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STS-120 day 2 highlights

Flight Day 2 of Discovery's mission focused on heat shield inspections. This movie shows the day's highlights.


STS-120 day 1 highlights

The highlights from shuttle Discovery's launch day are packaged into this movie.


STS-118: Highlights

The STS-118 crew, including Barbara Morgan, narrates its mission highlights film and answers questions in this post-flight presentation.

 Full presentation
 Mission film

STS-120: Rollout to pad

Space shuttle Discovery rolls out of the Vehicle Assembly Building and travels to launch pad 39A for its STS-120 mission.


Dawn leaves Earth

NASA's Dawn space probe launches aboard a Delta 2-Heavy rocket from Cape Canaveral to explore two worlds in the asteroid belt.

 Full coverage

Dawn: Launch preview

These briefings preview the launch and science objectives of NASA's Dawn asteroid orbiter.

 Launch | Science

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Shedding new light on the aurora

Posted: April 25, 2008

An international team of scientists has detected the unexpected signatures of polarisation in the Earth’s aurora, providing fresh insight into the composition of the Earth’s upper atmosphere, the configuration of its magnetic field and the energies of solar particles.

At the north and south magnetic poles, many charged particles in the solar wind are captured by the Earth’s field and dragged into the atmosphere where they strike atmospheric gases, promoting light emissions. When a beam of light is polarised, its electromagnetic waves share a common orientation, and until now, scientists thought that light from energised atoms and molecules in the upper atmosphere could not be polarised because the collisions between molecules and gas atoms depolarise the emitted light.

Red and green colours predominate in this view of the aurora, as photographed from the Space Shuttle, corresponding to emission of light from oxygen atoms at different wavelengths. Image: NASA.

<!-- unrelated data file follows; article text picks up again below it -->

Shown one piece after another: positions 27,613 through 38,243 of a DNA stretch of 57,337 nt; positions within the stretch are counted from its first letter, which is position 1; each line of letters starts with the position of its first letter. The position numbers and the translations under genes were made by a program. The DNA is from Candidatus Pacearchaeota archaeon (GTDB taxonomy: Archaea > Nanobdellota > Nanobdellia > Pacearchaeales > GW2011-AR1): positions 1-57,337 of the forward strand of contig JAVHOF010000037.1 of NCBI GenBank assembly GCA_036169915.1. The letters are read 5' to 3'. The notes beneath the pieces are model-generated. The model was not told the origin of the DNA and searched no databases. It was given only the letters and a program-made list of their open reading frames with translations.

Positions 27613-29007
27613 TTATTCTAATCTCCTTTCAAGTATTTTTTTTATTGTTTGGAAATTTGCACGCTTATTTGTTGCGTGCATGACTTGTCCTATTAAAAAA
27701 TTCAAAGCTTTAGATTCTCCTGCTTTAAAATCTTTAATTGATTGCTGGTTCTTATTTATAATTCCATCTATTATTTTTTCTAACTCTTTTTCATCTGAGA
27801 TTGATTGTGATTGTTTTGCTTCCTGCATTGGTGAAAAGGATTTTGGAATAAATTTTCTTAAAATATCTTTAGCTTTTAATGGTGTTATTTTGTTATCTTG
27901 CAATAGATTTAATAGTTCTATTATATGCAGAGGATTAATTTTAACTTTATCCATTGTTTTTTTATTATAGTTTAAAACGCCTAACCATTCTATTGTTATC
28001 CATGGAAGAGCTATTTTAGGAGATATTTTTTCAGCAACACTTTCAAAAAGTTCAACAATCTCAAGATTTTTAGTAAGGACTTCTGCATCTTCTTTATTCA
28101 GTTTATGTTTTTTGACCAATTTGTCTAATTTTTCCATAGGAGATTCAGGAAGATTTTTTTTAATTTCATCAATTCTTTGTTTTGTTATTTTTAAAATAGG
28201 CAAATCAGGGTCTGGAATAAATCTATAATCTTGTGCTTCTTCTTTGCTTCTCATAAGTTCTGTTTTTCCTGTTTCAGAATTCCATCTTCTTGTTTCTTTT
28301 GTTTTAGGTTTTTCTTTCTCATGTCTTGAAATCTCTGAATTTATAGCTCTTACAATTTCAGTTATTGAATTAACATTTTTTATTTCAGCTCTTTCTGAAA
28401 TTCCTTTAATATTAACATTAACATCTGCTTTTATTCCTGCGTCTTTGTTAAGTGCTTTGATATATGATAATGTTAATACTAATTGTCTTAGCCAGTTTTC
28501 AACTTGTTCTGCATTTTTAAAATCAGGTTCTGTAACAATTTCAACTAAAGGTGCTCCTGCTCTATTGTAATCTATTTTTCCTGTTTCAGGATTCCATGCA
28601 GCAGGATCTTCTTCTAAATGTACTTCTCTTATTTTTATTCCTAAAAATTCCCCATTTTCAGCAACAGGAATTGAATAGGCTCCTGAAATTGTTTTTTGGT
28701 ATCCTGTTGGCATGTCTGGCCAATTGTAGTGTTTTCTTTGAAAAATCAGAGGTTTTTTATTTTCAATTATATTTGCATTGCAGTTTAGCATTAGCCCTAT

Claims of polarised auroral light were made around fifty years ago by an Australian researcher Robert Duncan, but based on just one sighting, other scientists were unconvinced. Between 2006 and 2008, Jean Lilensten of the Laboratory of Planetology of Grenoble, France, observed the aurora from Svalbard Island in Norway, which is at a latitude of 79 degrees north. Lilensten and colleagues observed weak polarisation of a red glow that radiates at an altitude of 220 kilometres, indicative of electrons hitting oxygen atoms. The scientists suggest that such light is polarised because Earth's magnetic field at high latitudes funnels the electrons, aligning the angles at which they penetrate the atmosphere.

Fluctuations in the polarisation measurements can reveal the energy of the particles coming from the Sun when they enter Earth's atmosphere and the intensity of the polarisation gives clues to the composition of the upper atmosphere, particularly with regard to atomic oxygen. Because polarisation is strongest when the telescope points perpendicularly to the magnetic field lines, the measurements also provide a way to determine magnetic field configurations, which could prove especially useful as astronomers train their telescopes on other planetary atmospheres. If polarised emissions are observed there as well, the measurements may enable scientists to understand how the Sun's magnetic field is distorted by Venus and Mars, which lack intrinsic magnetic fields, opening up a new field in planetology.